Estimating the environmental impact of antibiotics through drug utilisation and eco-toxicological data: The italian context
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University of Bologna Italy
Publication date: 2023-04-26
Popul. Med. 2023;5(Supplement):A200
Antibiotics use in Italy is among the highest in Europe. This overuse can lead to anti-microbial resistance and harm humans, animals, and plants. Their accumulation in surface waters, and its consequent toxicity for animals and plants, is an emerging problem. This study aimed to estimate antibiotics environmental impact on the Italian surface waters.

We integrated drug utilisation and eco-toxicological data to assess antibiotics burden on the Italian surface waters. We extracted the predicted no-effect concentrations (PNEC) from the European Medicines Agency (EMA) and the Swedish Medicines Agency (FASS) environmental risk assessment reports. We then estimated the Italian predicted environmental concentrations (PEC). We used Italian drug utilisation data for 2020, the total number of inhabitants on January 1st, 2020, and the default values proposed by the European Chemical Agency for wastewater production and disposal. We calculated the environmental risk as PEC/PNEC ratio and classified it as high (>10), moderate (>1), low (>0.1), and insignificant (≤0.1).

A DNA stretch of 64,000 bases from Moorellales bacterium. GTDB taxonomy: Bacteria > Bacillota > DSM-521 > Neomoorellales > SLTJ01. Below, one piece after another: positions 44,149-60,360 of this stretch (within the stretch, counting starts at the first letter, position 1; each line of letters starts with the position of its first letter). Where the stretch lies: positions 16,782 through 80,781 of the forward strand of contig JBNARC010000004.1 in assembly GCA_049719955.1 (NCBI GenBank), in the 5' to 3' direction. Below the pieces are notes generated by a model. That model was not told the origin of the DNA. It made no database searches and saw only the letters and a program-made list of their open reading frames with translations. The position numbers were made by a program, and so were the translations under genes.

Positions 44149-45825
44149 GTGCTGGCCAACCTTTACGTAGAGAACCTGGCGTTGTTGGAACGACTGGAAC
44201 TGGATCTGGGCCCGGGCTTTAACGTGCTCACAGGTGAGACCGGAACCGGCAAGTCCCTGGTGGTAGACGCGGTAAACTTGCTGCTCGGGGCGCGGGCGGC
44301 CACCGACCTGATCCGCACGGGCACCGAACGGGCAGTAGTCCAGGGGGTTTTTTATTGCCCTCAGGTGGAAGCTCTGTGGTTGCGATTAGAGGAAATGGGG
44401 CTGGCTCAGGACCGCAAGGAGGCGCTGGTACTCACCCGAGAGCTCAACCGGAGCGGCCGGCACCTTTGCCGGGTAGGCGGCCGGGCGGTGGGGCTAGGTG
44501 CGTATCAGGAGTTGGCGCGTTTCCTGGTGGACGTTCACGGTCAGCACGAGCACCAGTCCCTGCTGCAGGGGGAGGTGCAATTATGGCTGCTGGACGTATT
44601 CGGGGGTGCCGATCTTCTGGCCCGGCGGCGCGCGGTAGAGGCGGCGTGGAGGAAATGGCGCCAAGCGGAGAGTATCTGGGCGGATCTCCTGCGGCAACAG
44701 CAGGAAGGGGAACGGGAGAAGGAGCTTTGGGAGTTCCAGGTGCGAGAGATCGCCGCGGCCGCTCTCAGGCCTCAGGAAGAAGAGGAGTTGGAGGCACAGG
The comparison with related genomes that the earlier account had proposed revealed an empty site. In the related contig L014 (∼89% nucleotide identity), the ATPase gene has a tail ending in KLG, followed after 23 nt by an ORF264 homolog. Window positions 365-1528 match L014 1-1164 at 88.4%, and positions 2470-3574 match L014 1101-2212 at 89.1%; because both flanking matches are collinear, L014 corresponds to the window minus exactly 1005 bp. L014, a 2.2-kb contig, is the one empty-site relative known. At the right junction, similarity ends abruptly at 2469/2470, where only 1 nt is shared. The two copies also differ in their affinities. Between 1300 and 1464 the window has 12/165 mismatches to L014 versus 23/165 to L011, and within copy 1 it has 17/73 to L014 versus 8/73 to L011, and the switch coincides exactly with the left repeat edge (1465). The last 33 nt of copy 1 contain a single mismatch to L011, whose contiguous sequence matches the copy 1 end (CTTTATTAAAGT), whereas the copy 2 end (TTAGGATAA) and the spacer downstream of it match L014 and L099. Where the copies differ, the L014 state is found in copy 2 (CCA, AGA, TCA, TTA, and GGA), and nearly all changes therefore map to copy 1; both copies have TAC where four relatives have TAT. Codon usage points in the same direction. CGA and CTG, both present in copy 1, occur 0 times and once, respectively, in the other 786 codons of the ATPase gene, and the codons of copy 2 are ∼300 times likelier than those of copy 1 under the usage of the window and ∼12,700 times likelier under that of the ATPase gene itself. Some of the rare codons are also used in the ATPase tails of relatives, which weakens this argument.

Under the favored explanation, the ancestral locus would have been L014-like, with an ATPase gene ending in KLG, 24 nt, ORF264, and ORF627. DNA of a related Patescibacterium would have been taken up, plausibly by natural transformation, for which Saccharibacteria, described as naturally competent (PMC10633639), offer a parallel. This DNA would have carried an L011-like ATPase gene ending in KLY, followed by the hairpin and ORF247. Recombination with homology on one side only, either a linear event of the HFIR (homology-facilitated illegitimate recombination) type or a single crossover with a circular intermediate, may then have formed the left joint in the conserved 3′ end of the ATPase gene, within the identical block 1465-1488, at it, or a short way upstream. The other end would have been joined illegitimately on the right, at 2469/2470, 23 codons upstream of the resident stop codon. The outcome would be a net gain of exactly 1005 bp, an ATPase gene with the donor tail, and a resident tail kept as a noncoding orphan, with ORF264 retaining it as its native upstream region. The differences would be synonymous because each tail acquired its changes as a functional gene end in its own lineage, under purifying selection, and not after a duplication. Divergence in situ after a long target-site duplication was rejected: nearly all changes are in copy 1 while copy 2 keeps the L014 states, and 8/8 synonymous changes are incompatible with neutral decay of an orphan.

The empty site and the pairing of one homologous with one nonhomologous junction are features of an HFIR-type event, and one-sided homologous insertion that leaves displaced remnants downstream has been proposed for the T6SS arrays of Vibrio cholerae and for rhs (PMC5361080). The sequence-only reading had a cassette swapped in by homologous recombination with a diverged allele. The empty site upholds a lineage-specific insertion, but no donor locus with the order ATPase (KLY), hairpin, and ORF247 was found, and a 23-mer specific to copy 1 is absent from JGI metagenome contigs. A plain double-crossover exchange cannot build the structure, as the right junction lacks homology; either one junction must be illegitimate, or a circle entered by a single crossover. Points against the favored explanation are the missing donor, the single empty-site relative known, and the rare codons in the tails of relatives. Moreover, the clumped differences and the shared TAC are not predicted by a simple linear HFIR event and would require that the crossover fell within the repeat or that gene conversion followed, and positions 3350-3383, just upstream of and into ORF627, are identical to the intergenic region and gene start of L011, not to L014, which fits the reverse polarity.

We obtained the environmental risk for 56 antibiotics for which Italian consumption data were available. We found a high environmental risk for one glycopeptide (vancomycin: PEC/PNEC=71.002), two penicillins (ampicillin: 43.376; amoxicillin: 41.346), one cephalosporin (cefazolin: 26.201), and one macrolide (azithromycin, 10.263). The risk was moderate for two fluoroquinolones (levofloxacin: 8.333; ciprofloxacin: 3.371), three cephalosporins (ceftriaxone: 5.823; cefepime: 2.147; cefixime: 1.867), two penicillins (piperacillin: 3.194; flucloxacillin: 1.377), and one macrolide (clarithromycin: 2.917). Vancomycin, azithromycin, ciprofloxacin, levofloxacin, ceftriaxone, cefixime, piperacillin, and clarithromycin are also on the Watch group of the AWaRe classification.

Multiple antibiotics have a high/moderate environmental impact on Italian surface waters, most of which have a relatively high risk of selecting bacterial resistance (those in the Watch group). Appropriate prescription and adherence practices of these antibiotics may reduce the negative impact on the environment and improve purification procedures and green drug development.

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